South Africa

Social Grants Recipients to Increase – Gordhan

Finance Minister, Pravin Gordhan, says the number of South Africans receiving social grants will swell to 16.7 million over the next three years.

Tabling the 2012/13 Budget in Parliament, Gordhan stated that by the end of 2011, nearly 15.3 million people were eligible for social grants, compared to 2.5 million in 1998.

He said despite the rapid growth in the number of beneficiaries, however, spending on social grants will decline as a percentage of GDP -- from 3.5 percent in 2011/12, to 3.2 percent by 2014/15.

Government to Train Farmers

The government will train more than 2 000 small farmers over the next year in cost-effective farming methods.

According to documents tabled with the 2012/13 Budget in Parliament, the Estimates of the National Expenditure says that the farmers will also be advised, by the department of rural development and land reform on which crops to plant.

Police Violence on the Rise – NGO

The Institute for Security Studies (ISS) says that police violence appears to be on the rise.

ISS senior researcher, Johan Burger, points out that, “There are on average 100 police officers killed in this country every year and so these are things that go on in the minds of police officials,” he explains.

He adds that this still does not excuse the police from acting outside the law themselves and says that he thinks that this is something that the public would want to have much more assurances on.

Master Plan on Digital Migration

Parliament’s portfolio committee on communications has called on Sentech, the South African Broadcasting Corporation (SABC) and the Independent Communication Authority of South Africa (ICASA) to develop a master plan to ensure the country gets ready to migrate to digital broadcasting.

In the same vein, ICASA councillor, Mickey Ndlovu, speaking at a recent workshop in Durban, said the digital migration will improve not only the public broadcaster, but also community and commercial broadcasters, leading to stronger competition.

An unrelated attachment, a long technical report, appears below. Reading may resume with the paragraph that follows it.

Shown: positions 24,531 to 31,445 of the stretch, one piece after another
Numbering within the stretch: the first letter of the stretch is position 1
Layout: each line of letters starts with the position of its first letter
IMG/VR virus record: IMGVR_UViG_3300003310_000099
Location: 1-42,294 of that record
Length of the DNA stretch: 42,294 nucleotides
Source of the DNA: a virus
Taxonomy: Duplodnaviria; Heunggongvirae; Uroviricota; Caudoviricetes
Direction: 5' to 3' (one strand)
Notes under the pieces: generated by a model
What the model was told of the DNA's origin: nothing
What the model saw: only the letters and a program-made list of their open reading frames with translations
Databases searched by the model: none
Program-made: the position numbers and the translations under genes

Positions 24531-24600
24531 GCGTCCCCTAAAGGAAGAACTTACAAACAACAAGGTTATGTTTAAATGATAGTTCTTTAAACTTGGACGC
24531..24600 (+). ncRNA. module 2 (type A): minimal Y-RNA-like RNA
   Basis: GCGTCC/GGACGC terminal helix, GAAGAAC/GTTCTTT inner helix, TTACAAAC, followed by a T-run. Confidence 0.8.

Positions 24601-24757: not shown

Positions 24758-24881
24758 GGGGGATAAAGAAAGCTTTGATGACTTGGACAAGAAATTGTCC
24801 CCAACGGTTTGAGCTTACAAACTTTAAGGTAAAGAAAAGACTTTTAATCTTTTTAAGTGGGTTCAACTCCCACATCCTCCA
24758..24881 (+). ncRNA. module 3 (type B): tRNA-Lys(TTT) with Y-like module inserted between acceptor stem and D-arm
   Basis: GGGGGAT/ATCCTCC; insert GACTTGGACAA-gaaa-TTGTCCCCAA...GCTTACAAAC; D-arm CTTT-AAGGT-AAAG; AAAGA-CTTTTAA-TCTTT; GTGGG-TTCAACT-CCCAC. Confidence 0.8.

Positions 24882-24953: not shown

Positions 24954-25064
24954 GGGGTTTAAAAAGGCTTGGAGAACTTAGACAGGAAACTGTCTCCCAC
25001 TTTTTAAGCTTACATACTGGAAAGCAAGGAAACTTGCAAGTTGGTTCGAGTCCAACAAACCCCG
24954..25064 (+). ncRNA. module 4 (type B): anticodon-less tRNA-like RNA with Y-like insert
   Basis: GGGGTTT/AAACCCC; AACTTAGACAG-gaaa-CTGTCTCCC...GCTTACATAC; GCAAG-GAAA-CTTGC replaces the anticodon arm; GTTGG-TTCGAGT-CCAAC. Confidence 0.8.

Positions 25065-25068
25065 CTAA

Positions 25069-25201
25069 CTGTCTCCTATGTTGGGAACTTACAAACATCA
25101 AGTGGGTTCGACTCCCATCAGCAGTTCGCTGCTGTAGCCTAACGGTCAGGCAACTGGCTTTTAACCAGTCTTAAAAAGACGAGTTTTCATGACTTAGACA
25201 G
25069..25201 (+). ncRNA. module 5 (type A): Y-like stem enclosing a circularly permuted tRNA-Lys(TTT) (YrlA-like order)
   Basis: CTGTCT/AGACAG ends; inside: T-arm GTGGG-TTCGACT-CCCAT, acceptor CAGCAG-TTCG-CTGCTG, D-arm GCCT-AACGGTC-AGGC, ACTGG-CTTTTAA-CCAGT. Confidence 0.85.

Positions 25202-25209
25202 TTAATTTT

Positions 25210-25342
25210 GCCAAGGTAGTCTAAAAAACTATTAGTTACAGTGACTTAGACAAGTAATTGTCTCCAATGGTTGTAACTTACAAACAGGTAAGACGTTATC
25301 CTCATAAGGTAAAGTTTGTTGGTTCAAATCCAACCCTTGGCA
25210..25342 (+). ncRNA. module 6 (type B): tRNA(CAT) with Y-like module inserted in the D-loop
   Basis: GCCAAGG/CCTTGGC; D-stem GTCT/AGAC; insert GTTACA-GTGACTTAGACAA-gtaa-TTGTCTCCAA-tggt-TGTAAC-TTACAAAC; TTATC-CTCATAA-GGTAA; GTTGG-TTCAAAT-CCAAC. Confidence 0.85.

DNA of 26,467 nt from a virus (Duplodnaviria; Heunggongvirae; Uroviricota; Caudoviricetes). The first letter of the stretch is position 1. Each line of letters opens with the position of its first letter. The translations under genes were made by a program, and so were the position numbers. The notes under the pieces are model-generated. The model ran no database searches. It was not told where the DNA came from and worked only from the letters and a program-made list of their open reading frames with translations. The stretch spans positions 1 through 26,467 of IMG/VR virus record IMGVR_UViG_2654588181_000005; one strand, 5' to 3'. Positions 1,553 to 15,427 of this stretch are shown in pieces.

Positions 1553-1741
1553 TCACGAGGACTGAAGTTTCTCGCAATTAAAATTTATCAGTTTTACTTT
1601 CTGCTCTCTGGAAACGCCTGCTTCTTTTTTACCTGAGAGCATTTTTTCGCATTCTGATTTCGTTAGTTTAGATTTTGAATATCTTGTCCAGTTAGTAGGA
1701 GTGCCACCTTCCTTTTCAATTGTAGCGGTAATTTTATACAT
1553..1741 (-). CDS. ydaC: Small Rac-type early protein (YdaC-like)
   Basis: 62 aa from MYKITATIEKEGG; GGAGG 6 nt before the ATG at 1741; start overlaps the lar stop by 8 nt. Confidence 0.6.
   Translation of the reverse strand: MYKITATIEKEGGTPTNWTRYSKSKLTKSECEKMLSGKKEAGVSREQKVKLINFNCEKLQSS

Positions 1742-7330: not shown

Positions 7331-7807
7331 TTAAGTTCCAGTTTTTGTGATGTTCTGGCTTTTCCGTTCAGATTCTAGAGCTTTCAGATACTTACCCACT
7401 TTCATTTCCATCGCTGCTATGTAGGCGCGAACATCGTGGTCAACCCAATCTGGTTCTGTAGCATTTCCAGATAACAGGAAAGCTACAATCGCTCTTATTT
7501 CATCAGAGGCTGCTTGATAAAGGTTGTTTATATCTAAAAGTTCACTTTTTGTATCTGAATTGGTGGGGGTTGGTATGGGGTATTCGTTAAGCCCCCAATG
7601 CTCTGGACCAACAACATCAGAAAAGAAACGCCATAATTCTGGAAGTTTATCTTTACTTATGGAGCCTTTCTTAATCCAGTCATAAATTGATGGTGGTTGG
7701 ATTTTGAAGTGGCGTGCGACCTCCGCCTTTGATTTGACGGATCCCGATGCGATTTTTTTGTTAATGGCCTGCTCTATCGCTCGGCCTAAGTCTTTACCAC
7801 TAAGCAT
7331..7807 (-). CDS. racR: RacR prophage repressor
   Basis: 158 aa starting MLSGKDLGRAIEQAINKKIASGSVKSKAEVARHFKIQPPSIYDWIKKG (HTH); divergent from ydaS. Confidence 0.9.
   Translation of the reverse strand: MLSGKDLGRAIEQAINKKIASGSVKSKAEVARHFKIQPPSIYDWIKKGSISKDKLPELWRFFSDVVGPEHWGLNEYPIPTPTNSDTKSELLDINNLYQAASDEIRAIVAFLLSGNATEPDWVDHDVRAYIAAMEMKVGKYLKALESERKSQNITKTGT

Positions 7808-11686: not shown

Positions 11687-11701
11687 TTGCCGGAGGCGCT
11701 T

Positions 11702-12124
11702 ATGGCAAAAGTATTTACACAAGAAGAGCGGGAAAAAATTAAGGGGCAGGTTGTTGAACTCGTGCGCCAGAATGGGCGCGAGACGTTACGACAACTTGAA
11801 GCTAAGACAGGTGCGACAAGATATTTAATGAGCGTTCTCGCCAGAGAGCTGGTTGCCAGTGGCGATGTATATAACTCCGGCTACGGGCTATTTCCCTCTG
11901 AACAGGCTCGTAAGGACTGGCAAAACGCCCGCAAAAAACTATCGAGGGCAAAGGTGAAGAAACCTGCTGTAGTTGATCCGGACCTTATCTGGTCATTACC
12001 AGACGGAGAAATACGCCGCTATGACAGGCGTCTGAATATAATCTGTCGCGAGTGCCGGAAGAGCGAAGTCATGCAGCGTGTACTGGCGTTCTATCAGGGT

SA Warned on Land Reform

Minister in the Presidency, Trevor Manuel, says that the sensitivity of land reform compelled the government to address the issue.

Delivering the keynote address during Agri South Africa’s annual conference in Stellenbosch, Manuel urged farmers needed to significantly increase agricultural output to meet the growing demand for food as the country’s population continued to rise.

Manuel, who also chairs the National Planning Commission, further said that land reform and inclusive agriculture are constitutional imperatives.

Gauteng to Accelerate Service Delivery

Gauteng Premier, Nomvula Mokonyane, delivered the state of the nation address in which she focused on the need to accelerate delivery with strong emphasis on concrete deliverable, in Mamelodi, Pretoria.

Mokonyane addressed some of the controversial issues, including the state of the health department, the renaming of Pretoria and the contentious Gauteng toll roads.

Mokonyane promised to implement a ‘comprehensive turnaround strategy’ for the provincial health department to make the delivery of public health services more efficient.

Women March Against Harassment

Bree street taxi rank in Johannesburg’s central business district was bustling with people gathering for a march organised by the African National Congress Women’s League today.

Wearing miniskirts in bright colours and singing ‘the leadership is greeting’ and ‘mini skirt we love you’, women and several men marched to protest against the harassment experienced by two young women when they went shopping in the Noord Street taxi rank last December.

Acid Water Threatens Mining in Six Provinces

The Chamber of Mines has warned that if acid mine drainage is not treated to remove the salts from the water, mining activities in six provinces could be affected.

In its document, Chamber of Mines, states that at the moment, desalination is not part of the Trans-Caledon Tunnel Authority’s short-term plan to rectify the Witwatersrand’s acid mine drainage problem.

UNICEF Urges Mothers to Breastfeed

The United Nations Children’s Fund (UNICEF) says that child malnutrition would decrease by 25 percent if babies were fed only breast milk in the first six months.

Speaking at the launch of Save the Children’s report, ‘A life free of hunger: Tackling Child Nutrition’, UNICEF nutrition specialist, Chantell Witten, said that about 70 percent of babies are being fed solids at two months old.

NGO Urges the World to Tackle Malnutrition

Save the Children has warned that half-a-billion children will be stunted over the next 15 years, if child malnutrition is tackled head-on.

Save the Children’s regional health and HIV advisor, David Sanders, points out that, “The rising of food prices is the main cause of malnutrition.”

Sanders maintains that the government must prioritise nutrition and outline the clear lines of responsibility.

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